Choose nutrient-rich foods. As part of an overall healthy diet, choose whole-grain breads, pastas and cereals; fruits and vegetables; dairy products; lean protein sources; and nuts and seeds.

Try smoothies and shakes. Don’t fill up on diet soda, coffee and other drinks with few calories and little nutritional value. Instead, drink smoothies or healthy shakes made with milk and fresh or frozen juice, and sprinkle in some ground flaxseed. In some cases, a liquid meal replacement may be recommended.

Watch when you drink. Some people find that drinking fluids before meals blunts their appetite. In that case, it may be better to sip higher calorie beverages along with a meal or snack. For others, drinking 30 minutes after a meal, not with it, may work.

Make every bite count. Snack on nuts, peanut butter, cheese, dried fruits and avocados. Have a bedtime snack, such as a peanut butter and jelly sandwich, or a wrap sandwich with avocado, sliced vegetables, and lean meat or cheese.

Top it off. Add extras to your dishes for more calories — such as cheese in casseroles and scrambled eggs, and fat-free dried milk in soups and stews.

Have an occasional treat. Even when you’re underweight, be mindful of excess sugar and fat. An occasional slice of pie with ice cream is OK. But most treats should be healthy and provide nutrients in addition to calories. Bran muffins, yogurt and granola bars are good choices.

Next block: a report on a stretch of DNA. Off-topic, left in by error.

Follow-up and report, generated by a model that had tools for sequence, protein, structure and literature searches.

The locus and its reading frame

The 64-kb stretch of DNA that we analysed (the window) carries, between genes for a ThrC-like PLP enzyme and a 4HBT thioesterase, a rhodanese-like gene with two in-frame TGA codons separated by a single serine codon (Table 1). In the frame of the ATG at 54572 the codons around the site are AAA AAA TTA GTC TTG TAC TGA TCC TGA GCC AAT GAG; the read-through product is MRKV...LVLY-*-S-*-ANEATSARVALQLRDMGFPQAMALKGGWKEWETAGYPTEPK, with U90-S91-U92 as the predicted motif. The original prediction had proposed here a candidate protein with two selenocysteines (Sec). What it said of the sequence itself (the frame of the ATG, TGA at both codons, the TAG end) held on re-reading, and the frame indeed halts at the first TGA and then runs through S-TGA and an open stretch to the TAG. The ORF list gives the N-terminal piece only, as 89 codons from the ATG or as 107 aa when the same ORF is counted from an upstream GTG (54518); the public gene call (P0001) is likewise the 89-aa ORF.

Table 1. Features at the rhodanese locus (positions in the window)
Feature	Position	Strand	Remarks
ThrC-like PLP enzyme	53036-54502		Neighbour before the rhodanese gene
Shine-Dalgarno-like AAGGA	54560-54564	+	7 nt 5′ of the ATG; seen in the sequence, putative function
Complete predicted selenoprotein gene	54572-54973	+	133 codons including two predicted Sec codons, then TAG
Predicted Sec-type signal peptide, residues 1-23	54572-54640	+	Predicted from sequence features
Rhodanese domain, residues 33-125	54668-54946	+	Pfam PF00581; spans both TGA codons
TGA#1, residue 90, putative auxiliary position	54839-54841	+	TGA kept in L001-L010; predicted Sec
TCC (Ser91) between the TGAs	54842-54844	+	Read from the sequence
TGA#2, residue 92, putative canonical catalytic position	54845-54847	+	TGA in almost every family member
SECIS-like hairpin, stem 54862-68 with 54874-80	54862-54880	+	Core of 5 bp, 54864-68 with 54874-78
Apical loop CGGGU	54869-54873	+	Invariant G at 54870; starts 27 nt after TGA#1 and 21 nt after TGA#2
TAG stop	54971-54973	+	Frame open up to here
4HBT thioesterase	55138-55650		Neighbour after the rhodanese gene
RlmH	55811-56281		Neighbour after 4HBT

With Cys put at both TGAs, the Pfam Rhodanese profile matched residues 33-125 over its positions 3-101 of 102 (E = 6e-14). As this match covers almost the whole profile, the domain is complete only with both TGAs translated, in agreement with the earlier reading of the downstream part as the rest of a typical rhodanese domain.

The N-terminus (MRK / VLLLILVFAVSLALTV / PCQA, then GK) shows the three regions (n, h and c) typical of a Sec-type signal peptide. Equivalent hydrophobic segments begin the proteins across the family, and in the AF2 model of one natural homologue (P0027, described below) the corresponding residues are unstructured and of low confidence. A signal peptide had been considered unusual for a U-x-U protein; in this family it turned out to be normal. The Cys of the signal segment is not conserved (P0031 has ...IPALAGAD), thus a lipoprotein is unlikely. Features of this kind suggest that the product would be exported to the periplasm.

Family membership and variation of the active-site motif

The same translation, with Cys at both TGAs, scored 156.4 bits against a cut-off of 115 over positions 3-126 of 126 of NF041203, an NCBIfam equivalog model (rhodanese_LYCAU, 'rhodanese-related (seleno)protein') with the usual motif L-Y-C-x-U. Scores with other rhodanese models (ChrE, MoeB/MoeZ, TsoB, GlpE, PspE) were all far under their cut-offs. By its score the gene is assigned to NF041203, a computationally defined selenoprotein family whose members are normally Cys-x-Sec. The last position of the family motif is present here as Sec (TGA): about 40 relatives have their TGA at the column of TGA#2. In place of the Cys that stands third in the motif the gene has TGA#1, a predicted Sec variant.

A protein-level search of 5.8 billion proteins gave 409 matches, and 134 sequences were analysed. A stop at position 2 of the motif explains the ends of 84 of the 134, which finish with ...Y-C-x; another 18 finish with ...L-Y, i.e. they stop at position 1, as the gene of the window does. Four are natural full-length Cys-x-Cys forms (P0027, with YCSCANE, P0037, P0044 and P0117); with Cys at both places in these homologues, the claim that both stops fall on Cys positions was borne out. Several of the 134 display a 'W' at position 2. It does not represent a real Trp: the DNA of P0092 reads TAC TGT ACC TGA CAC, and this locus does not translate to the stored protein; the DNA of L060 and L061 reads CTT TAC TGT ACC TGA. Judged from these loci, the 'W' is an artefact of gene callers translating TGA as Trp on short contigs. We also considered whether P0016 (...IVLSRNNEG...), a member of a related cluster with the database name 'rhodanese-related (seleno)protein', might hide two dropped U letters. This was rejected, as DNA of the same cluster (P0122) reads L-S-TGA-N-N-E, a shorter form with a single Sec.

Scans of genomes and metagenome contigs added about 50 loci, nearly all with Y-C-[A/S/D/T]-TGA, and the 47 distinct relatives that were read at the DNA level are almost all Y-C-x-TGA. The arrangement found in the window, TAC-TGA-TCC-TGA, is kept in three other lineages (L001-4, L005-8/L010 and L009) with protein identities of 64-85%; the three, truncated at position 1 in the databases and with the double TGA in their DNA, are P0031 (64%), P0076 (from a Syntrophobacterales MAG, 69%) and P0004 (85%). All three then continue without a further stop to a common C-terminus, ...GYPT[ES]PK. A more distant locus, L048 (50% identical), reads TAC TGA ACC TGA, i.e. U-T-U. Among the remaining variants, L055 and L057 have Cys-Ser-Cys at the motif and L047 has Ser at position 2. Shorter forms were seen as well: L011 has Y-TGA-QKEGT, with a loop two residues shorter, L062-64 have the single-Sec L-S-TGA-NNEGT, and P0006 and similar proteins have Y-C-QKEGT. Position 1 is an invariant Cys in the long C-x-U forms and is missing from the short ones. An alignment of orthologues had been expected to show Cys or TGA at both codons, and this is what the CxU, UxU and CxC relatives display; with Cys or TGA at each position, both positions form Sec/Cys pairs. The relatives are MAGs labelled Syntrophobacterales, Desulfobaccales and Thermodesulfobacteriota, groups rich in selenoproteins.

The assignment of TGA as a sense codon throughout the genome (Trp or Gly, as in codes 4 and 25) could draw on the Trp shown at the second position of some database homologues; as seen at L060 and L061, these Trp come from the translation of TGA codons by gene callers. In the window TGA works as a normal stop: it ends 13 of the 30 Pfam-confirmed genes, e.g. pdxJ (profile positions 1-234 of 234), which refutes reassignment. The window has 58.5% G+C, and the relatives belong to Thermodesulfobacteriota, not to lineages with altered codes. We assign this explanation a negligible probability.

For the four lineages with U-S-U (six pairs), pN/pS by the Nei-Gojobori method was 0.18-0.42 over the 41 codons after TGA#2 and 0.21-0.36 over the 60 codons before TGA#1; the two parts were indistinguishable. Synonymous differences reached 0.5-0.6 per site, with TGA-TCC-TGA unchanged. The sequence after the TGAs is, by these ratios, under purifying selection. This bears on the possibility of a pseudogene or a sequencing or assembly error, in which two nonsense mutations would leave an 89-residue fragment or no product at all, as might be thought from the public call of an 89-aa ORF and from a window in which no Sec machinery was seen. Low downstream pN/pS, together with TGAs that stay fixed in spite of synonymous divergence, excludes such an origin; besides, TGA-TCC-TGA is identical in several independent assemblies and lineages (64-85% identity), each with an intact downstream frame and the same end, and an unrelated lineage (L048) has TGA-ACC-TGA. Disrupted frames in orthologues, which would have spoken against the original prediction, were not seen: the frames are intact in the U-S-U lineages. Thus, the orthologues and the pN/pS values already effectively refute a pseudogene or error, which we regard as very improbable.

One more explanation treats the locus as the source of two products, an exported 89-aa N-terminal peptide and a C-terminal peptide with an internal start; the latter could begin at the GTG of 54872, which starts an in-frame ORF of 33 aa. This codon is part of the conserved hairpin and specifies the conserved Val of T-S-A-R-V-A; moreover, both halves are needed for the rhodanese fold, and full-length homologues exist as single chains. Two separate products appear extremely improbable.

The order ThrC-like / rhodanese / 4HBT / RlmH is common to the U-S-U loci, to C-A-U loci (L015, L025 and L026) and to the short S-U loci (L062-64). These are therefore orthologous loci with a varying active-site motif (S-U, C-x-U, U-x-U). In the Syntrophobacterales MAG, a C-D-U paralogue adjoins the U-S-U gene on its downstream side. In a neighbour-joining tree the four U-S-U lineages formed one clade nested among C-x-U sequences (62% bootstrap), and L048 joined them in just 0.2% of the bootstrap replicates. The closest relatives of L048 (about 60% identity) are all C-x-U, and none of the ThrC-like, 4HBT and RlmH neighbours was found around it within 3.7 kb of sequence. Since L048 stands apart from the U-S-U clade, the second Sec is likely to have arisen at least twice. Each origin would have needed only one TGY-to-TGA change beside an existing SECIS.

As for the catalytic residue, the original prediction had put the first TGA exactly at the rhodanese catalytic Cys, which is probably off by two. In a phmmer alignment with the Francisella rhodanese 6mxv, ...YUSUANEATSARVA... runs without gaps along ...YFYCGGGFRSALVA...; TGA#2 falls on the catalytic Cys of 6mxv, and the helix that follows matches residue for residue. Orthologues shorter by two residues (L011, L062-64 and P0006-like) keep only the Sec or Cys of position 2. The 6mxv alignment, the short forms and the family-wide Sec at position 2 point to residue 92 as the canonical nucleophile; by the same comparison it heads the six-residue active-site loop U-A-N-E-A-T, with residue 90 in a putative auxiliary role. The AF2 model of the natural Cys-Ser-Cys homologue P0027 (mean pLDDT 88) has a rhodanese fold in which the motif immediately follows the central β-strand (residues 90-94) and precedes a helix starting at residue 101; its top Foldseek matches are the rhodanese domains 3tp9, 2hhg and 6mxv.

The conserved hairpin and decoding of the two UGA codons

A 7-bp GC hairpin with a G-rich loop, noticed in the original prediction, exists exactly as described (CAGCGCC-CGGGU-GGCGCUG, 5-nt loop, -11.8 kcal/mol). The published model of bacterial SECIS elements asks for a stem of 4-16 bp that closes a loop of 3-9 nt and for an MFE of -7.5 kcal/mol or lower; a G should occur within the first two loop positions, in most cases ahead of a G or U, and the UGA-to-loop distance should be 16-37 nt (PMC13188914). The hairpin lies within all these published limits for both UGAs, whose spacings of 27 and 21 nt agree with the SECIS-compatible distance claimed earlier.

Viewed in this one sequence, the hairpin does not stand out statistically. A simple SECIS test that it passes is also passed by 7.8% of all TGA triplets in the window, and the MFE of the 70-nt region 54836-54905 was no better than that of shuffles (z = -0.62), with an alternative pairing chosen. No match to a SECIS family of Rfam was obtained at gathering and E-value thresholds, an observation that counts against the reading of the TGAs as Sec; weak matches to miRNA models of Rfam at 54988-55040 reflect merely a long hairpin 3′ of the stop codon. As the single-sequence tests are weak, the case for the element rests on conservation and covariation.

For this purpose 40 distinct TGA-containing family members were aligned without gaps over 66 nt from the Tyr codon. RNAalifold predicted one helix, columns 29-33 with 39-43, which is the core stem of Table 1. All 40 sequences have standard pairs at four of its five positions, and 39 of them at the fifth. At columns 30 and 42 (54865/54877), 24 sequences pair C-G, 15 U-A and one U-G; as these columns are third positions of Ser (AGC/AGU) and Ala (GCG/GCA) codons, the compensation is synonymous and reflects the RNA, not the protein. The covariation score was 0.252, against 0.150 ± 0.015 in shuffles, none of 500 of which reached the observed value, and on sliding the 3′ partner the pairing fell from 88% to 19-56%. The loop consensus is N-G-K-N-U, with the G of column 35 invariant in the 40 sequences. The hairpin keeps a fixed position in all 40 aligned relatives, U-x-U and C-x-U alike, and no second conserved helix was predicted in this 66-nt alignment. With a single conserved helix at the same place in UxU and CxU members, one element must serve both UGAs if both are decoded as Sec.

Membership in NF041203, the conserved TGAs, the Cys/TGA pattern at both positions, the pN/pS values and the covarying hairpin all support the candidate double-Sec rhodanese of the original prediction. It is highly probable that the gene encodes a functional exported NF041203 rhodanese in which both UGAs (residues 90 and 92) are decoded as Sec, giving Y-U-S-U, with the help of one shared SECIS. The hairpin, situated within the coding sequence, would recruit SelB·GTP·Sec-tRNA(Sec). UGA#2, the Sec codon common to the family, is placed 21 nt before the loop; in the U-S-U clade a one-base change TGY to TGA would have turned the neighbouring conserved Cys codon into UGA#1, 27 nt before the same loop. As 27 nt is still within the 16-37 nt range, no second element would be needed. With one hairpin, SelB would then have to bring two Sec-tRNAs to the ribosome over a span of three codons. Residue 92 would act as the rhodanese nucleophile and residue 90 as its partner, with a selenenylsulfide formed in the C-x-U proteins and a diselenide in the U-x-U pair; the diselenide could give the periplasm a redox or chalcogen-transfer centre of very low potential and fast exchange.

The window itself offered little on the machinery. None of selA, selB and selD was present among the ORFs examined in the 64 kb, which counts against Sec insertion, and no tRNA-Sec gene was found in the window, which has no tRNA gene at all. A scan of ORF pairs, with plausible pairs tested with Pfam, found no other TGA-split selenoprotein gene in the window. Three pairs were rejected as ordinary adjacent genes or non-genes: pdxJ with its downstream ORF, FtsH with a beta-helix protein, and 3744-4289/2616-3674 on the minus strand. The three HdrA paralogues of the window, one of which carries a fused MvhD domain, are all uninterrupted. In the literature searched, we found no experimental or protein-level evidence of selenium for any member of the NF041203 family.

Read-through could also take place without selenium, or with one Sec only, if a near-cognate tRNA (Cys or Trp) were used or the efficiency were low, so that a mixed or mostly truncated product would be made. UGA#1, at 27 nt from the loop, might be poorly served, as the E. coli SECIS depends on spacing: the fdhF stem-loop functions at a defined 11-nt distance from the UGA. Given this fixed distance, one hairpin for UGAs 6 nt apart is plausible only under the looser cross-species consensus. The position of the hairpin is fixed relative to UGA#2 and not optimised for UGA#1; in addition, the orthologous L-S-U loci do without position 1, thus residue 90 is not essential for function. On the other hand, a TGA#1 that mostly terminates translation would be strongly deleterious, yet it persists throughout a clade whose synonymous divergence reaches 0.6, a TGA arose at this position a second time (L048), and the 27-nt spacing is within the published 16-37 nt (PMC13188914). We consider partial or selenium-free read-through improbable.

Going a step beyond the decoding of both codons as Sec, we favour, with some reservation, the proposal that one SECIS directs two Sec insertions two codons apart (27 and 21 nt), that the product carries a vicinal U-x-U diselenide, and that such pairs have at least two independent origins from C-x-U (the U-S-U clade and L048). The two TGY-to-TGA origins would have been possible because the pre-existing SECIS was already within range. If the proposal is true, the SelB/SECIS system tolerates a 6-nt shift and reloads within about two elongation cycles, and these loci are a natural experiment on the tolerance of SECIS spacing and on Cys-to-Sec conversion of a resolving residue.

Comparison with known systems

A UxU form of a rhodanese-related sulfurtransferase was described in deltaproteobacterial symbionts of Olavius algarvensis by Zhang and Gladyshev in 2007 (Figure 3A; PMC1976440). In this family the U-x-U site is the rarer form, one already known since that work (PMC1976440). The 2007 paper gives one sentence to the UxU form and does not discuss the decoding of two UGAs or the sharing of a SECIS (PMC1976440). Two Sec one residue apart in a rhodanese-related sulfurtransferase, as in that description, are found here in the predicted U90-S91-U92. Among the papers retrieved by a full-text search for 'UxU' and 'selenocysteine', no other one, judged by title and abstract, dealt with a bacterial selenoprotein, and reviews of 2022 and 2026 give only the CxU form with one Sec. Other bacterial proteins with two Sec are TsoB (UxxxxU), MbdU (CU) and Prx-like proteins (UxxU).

Body weight may also be increased through the consumption of liquid nutritional supplements. Other nutritional supplements may be recommended for individuals with insufficient vitamin or mineral intake.

Another way for underweight people to gain weight is by exercising. Muscle hypertrophy increases body mass. Weight lifting exercises are effective in helping to improve muscle tone as well as helping with weight gain. Weight lifting has also been shown to improve bone mineral density, for which underweight people have an increased risk of deficiency.
Exercise itself is catabolic, which results in a brief reduction in mass. The gain in weight that can result of it comes from the anabolic overcompensation when the body recovers and overcompensates via muscle hypertrophy. This can happen by an increase in the muscle proteins, or through enhanced storage of glycogen in muscles. Exercise can help stimulate a person’s appetite if they are not inclined to eat.

Certain drugs may increase appetite either as their primary effect or as a side effect. Antidepressants, such as mirtazapine or amitriptyline, and antipsychotics, particularly chlorpromazine and haloperidol as well as tetrahydrocannabinol (found in cannabis), all present an increase in appetite as a side effect. In states where it is approved, medicinal marijuana may be prescribed for severe appetite loss, such as that caused by cancer, AIDS, or severe levels of persistent anxiety. Other drugs which may increase appetite include certain benzodiazepines (such as diazepam), sedating antihistamines (such as diphenhydramine, promethazine or cyproheptadine, or B vitamin supplements.

The message yet again is to go calculate your BMI (Ref. Post on obesity for how to calculate your BMI) . God desires that we be in health. Stay healthy!

Omosebi Mary Omolola (PhD)

Omosebi Mary Omolola (Ph.D) is a lover of God, a disciple of The Lord Jesus Christ and a teacher by calling. She is on assignment to groom godly youths and women through the help of the Holy Spirit in this end-time. She treasures family. She has a strong desire to see marriages thrive in this troubled world. She speaks and writes passionately about marriage, relationships, and Christian living. She enjoys a beautiful marriage with her husband and best friend. She is a mother, writer, an entrepreneur and researcher and teacher of Food Science and Technology.